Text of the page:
Describe your idea.
This zine and blog project is an experiment to raise awareness and to educate a group of 10–12 black adolescent girls from the greater Boston area on reproductive health and associated diseases. These adolescents will be trained as peer educators over a 10 month period.
A great majority of black women, regardless of ethnicity or socioeconomic status are disproportionately affected by diseases of the reproductive system such as uterine fibroids, endometriosis, polycystic ovarian syndrome, and cervical and uterine cancers. These diseases used to be diagnosed in adult women in their late twenties or older; however, black girls as young as 15 are being diagnosed with uterine fibroids or with endometriosis as early as 12 years old. According to the Centers for Disease Control and Prevention and other medical research, 70–80% of all black women will have clinically recognized uterine fibroids. Another recent study stated that 23–40% of black girls 6–8 years old are experiencing early onset of puberty.
The goals of this project are to educate and to harness teens’ creativity through zine-making and social media. Zine-making sessions will consist of dialogue and training regarding black women’s reproductive health. In addition, teens will explore the intersections between health and social injustices through the lens of historical, racial, medical, and economic inequalities that contribute to the silence and secrets surrounding these diseases in their communities. Teens will also gain knowledge that will allow them to prioritize their own reproductive health at an earlier age. We believe that this project will provide a vantage point to engage teens in social and health issues that affect their genders and communities. In return, they will engage their peers through dissemination of zines and informative blogs.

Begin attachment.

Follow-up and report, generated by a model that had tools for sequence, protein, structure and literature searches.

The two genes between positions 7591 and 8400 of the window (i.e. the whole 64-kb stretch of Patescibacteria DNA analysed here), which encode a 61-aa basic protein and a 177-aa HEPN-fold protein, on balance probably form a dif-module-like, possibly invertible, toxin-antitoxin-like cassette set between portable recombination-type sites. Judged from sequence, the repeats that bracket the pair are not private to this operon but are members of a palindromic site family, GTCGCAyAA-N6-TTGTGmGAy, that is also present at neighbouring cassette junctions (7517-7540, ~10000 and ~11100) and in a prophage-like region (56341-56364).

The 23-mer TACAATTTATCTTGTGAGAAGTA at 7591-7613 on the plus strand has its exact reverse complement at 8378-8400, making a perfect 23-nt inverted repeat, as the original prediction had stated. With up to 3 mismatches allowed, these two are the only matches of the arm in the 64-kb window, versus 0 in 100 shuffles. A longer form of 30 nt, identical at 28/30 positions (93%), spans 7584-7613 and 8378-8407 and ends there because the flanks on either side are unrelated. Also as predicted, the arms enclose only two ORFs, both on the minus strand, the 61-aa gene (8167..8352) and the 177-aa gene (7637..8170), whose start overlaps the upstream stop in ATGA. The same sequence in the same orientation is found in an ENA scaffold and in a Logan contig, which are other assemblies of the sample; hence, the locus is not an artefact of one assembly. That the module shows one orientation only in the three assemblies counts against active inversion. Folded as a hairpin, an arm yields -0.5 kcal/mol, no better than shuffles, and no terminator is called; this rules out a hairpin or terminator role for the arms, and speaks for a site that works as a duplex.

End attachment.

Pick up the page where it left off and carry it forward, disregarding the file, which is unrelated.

How Will You Use Your Grant?
- Buy materials for zine-making, marketing and publication
- Provide healthy snacks to the teens
- Purchase MBTA Charlie cards to cover partial costs of transportation to training session
Why and to whom is your project important?
This project will be important to female adolescent girls of African descent and their communities. This project targets teens with the least access to resources from disenfranchised communities.
What is the expected status of your project by the time of the next Feast?
Teens will publish and disseminate their zines, and will set up a blog that prioritizes the leadership and voices of teens. This project is intended to be ongoing; we will continue to raise money to ensure its long term sustainability through local and national grant makers that support reproductive health programs for adolescent girls.